There is a rapidly growing interest in brain fitness today. The aging baby boomer generation is feeling the effects of time, and many are perhaps interested in repairing the damage made by overindulgence in the 60′s. Research over the past few decades has indicated strong links between an active brain and defense against age-related mental deterioration, including the ability to stave off diseases such as Alzheimer’s.
The industry is seeing a boom of new companies, and a lot of related research appears to be in the works. A new study from the University of California-Irvine analyzed the ability of regular mental workouts to delay the progress of Alzheimer’s in hundreds of mice (I know what you’re thinking: how do you give a rat a mental workout?! – I was hoping it would be something innovative, but apparently they just used the traditional rat maze). Another study funded by the National Institute on Aging (NIA), analyzed the effect of a mere 10 sessions of cognitive skills training on the elderly, showing significant increases in the ability to succeed in daily tasks such as driving and managing finances. The cognitive improvements held for nearly a year, after only 10 initial sessions! Very promising.
Because of this large emerging market for cognitive improvements, we’re seeing a lot of new faces pop up in the industry. Sharp Brains, Rocky Mountain Learning, Posit Science and Vigorous Mind all offer affordable software for brain exercise. Happy Neuron and My Brain Trainer offer online-based “mind gyms” and brain fitness advice. There are probably many more I’m not aware of yet. Many are boasting studies with very promising results, such as a study on Happy Neuron that showed an increase in brain activity confirmed by PET scans. Many of these companies also have Neuroscientists in advisory positions, or on staff like we do.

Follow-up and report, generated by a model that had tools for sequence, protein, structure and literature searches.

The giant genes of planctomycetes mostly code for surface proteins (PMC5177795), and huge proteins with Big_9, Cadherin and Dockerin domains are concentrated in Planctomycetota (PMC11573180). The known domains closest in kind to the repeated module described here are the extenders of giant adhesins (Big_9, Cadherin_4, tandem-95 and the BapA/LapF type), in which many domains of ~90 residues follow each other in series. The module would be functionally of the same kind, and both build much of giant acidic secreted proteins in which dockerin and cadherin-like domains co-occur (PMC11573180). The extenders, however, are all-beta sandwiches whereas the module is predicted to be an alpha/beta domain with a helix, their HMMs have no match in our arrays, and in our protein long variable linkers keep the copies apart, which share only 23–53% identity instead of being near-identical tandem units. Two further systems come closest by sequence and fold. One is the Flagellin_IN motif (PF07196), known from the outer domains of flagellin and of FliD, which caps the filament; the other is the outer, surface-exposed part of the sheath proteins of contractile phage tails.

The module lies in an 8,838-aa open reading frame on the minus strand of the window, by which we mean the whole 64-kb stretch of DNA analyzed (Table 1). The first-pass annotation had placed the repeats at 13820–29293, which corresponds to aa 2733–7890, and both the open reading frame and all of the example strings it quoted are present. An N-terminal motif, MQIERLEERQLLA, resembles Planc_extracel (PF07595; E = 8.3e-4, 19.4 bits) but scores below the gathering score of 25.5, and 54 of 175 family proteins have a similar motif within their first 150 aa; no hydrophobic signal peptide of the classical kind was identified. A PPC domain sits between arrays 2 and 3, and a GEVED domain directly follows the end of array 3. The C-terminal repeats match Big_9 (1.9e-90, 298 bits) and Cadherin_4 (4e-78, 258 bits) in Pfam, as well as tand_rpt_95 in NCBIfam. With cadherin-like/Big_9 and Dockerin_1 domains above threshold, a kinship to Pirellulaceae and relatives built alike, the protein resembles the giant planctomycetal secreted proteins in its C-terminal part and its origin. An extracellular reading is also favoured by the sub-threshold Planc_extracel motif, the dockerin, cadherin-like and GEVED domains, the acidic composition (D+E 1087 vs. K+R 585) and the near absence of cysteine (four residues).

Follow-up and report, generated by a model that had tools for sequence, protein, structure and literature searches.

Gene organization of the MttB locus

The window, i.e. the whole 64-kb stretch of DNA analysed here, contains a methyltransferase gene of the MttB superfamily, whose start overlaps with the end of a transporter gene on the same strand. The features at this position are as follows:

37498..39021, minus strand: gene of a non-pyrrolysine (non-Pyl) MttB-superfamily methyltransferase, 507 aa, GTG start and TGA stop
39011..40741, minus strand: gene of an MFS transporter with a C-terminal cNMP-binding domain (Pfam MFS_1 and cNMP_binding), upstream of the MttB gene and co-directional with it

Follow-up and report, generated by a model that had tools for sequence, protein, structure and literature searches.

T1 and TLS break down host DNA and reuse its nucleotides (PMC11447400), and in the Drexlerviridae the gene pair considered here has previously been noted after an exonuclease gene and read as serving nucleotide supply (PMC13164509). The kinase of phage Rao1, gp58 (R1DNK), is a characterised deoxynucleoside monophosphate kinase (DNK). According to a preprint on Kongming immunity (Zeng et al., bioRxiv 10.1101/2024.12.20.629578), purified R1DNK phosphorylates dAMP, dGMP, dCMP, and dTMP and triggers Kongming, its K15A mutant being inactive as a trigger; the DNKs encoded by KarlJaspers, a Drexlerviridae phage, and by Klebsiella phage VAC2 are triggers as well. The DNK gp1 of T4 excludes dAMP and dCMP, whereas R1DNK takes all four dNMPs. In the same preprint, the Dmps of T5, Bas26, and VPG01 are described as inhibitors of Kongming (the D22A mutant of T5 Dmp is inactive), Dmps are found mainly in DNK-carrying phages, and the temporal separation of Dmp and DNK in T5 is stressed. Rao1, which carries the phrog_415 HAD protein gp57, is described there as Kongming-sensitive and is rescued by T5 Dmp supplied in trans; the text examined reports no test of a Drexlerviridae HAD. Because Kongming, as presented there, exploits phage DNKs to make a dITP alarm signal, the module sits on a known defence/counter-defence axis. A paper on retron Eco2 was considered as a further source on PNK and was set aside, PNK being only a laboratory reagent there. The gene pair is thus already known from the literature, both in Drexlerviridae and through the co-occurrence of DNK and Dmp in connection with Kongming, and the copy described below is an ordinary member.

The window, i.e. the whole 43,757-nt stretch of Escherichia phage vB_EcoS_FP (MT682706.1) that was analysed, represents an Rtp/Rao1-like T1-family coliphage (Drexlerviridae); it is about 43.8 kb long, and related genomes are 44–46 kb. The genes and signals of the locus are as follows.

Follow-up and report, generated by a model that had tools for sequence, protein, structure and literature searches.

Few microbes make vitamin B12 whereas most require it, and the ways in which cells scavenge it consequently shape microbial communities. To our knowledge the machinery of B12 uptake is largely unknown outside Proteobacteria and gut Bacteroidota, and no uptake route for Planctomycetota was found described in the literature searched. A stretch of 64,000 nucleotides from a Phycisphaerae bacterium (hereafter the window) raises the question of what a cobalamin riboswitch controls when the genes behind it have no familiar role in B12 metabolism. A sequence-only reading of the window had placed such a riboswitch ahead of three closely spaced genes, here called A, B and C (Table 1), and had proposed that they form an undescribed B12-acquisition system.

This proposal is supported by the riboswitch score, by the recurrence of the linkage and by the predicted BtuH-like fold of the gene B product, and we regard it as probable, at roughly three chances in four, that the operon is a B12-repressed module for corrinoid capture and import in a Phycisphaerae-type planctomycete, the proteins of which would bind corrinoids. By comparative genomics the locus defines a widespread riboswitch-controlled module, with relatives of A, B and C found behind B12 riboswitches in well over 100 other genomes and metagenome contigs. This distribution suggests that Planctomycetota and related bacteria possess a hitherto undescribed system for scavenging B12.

These programs use puzzles, games and brain teasers to focus the mind on tasks involving memory, attention or complex use of language. Some also integrate nutritional advice and even regular meditation into the regimen, such as the Happy Neuron mentioned above.
The interest in brain fitness is not just on the fringe, or relegated to concerned baby boomers. Some large, established companies are investing in this, and marketing to all ages. Notably, Nintendo recently released a game called “Brain Age”, meant to exercise and sharpen the mind in a fun, entertaining way. You can find this title today in nearly every gaming store.
Of course I am hoping that all this interest in puzzles and games is going to carry over to Neurofeedback and Brainwave Entrainment (BWE), which have also shown great promise with age-related mental problems, as much as they have with ADD. In 1998 Thomas Budzynski, Ph.D. used both Neurofeedback and BWE to vastly improve the cognitive function of a 75 year old man. In 2001, Budzynski and Tang successfully treated 31 seniors by randomly stimulating frequencies ranging from 9-22 hz over about 33 sessions. In a 2004 study by Berg and Siever, 18 hz was stimulated in the left hemisphere and 10 hz in the right, resulting in significant improvements in geriatric depression and balance. Our own Dr. Huang has a great interest in cognitive decline and aging, having focused much of her early neuroscience work on related subjects. You can find a session designed for seniors in our Neuro-Programmer product.
Baby boomers are not just seeking out mental exercise either. American Sports Data reports that Gym memberships for people over 55 have seen a surge of 33%, while memberships among the younger crowd has seen nearly no growth over the same time period. Yoga and Tai Chi have grown 118%, cycling by 66%, elliptical training by 306% – the list goes on and on. The importance of exercise to mental health should not be underestimated. In fact there is some controversy over whether “brain fitness” games offer more mental benefits than a regular physical fitness routine, although there seems to be very little argument that combining both physical and mental fitness into any lifestyle will result in dramatic enhancement of the brain’s capabilities.
Speaking of games and exercise, as the “Nintendo generation” loses its high metabolism, many companies are working to combine gaming with physical exercise as well. I will admit that I own a Game Bike and couldn’t live without it. I have heard that a game-based tread mill is also in the works.
If you’re interested, here is a free online guide to maintaining brain fitness: http://www.thirdage.com/living/games/brainfitness/index.html
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